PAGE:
You might not even have your first Christmas gift wrapped yet, but now is the time to start thinking ahead to next year's holiday season.

With some planning in advance, you can avoid running up a huge stack of credit card debt to fund next year's holiday gift giving and celebrations, and instead start tucking money aside today in an old-fashioned Christmas club account. They're still around at your neighborhood bank or credit union.

"It's one of the best moves consumers can make when they think about budgeting for the holidays," says Mike Schenk, senior economist with the Credit Union National Association (CUNA).

But before you open such an account, Schenk recommends that you "go into it with forethought" and set up a budget, outlining how much you'd like to spend for each gift recipient so you can avoid "spending more than you envisioned."

Unlike a traditional savings account, Christmas club or holiday club accounts often have strict limitations, such as requirements that you make regular deposits and caps on how much you can deposit each month. There also may be limits on how much you can put into the account for the year, such as $1,000 or $5,000.

On the other hand, the accounts may pay far higher interest rates than regular savings accounts. In mid-November, the average statement savings account rate nationwide was 0.10% APY, according to Bankrate.com.

Shop: Some pay higher rates

While some financial institutions pay similar rates on their Christmas club accounts, others are paying 1.00% APY or more.

It just takes some digging around to find those paying the best rates in your local area, and some accounts carrying high interest rates may be available to anyone, regardless of where they live.  

Along with taking the time to shop around for the best interest rate, it's also important to read all the fine print that accompanies such an account, says Katherine Hutt, spokeswoman for the Better Business Bureau.

Besides being aware of any limits on the amount you can deposit into the account monthly or annually, you also may only be able to establish these accounts during certain months of the year.

And in many cases, you may only be able to access the cash in your account during a certain time period, such as in the fall.

Get the details on the payout

Depending on the bank or credit union, there can be penalties for withdrawing your money before the date of disbursement. For instance, you may not receive any interest if you tap into your Christmas club account in July. That can be a drawback because "a lot of people want to start their shopping earlier," Hutt says.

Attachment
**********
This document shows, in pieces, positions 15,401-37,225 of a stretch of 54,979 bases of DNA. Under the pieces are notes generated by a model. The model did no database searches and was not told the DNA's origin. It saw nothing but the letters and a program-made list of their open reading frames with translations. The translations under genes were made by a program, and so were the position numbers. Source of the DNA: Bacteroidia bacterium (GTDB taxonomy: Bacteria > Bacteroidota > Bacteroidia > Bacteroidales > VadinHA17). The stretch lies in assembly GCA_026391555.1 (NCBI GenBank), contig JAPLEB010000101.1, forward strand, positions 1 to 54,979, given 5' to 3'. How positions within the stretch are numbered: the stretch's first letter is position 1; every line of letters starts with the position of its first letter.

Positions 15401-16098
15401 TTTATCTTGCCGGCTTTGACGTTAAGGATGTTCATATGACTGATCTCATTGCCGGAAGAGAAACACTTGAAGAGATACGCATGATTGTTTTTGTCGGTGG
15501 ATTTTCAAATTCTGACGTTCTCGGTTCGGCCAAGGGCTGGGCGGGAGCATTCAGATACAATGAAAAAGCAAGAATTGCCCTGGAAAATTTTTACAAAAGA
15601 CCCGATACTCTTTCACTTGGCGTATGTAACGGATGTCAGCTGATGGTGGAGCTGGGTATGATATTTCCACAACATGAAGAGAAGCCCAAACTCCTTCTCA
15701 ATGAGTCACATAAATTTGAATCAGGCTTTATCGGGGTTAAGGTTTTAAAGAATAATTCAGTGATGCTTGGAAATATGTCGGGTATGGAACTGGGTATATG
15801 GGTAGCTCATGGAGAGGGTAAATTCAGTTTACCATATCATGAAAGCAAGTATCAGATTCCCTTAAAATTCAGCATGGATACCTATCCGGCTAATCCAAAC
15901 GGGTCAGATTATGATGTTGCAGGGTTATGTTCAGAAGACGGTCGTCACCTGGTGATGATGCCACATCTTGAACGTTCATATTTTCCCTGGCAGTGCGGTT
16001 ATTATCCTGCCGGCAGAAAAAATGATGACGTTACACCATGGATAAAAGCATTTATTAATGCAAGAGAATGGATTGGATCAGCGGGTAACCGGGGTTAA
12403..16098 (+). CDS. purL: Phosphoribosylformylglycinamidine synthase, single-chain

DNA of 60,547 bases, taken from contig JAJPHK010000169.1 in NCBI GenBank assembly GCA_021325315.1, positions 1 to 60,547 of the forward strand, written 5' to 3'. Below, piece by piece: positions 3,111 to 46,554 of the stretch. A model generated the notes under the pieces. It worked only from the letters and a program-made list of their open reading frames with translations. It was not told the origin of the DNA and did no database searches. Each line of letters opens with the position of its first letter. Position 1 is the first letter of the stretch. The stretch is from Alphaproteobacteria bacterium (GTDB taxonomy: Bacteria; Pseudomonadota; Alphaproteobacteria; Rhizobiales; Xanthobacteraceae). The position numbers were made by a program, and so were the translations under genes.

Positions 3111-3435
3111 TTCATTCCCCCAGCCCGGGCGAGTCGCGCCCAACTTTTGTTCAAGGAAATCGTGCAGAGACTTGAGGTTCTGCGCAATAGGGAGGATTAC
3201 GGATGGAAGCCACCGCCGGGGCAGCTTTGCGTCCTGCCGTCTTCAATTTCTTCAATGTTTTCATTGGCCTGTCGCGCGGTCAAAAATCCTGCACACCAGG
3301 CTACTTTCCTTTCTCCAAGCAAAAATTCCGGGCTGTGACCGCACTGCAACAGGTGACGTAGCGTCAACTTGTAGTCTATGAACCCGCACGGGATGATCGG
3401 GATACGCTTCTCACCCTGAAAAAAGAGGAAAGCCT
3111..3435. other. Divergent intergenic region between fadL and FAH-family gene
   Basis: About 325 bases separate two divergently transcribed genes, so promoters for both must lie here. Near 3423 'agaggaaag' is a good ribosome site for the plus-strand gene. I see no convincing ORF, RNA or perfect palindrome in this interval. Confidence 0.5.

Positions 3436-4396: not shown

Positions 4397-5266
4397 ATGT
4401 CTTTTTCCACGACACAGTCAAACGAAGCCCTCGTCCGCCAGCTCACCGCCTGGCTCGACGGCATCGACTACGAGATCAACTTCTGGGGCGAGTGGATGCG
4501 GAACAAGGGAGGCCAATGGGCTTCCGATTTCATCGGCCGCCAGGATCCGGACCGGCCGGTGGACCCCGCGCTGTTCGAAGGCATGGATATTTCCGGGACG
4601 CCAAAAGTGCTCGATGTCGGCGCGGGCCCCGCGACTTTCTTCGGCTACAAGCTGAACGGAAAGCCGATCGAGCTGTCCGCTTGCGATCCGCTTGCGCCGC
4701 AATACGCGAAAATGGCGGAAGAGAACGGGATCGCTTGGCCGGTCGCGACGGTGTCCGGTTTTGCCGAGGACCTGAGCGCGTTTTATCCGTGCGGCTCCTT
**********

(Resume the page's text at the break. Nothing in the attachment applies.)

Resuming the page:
It's also important to know how the money is disbursed. Schenk says he had such an account at a community bank, but failed to read the fine print. He didn't realize the money would be deposited into his checking account in November, so he inadvertently used his Christmas money to cover other expenses.

"It really is important to pay attention to how these operate," he says.

But if you make sure to use your account properly, "it really does help in terms of financial management to have something set aside" to fund the holidays, Schenk says.

While CUNA doesn't have statistics on how many credit union members belong to holiday clubs, more than 80% of credit union members have access to such accounts, he says.

Try a DIY Christmas club

Even for those who don't have access to a holiday account, or who want to avoid the red tape that can accompany them, it may be possible to set up a subaccount from your credit union savings account. You can give it any name you want, like "holiday account," and have money transferred into it regularly, Schenk says. 

The account will typically pay the same interest rate as your regular credit union savings account.

Karen Carlson, director of education for the consumer credit counseling agency InCharge Debt Solutions, cautions that Christmas club accounts "should be part of a bigger savings strategy," and consumers shouldn't just rely on a savings account that is "meant to be exhausted on an annual basis."

Save elsewhere, too

A summer 2011 survey of almost 2,700 consumers by the National Foundation for Credit Counseling found that most didn't have $1,000 set aside to cover an unplanned expense. Only 36% said they would tap into their savings account.

And the U.S. Bureau of Economic Analysis's monthly report found that in October, personal savings as a percentage of disposable income was just 3.5%.

For those who struggle to save, establishing a Christmas club account is a good first step to establishing a savings routine, Carlson says.

It's also a good way to introduce youngsters to the notion of saving for goals, says Mark Hoewing, spokesman for InCharge Debt Solutions, who recalls his mother always made him and his siblings set up Christmas club accounts each year. Setting money aside regularly throughout the year, "is a good way to help young people get in the habit of savings."

It's also a good way to keep yourself from facing a pile of credit card bills come January. "Revolving credit is expensive in the scheme of things," Schenk says. If you set up a Christmas club account today, "that way next year you'll be ready."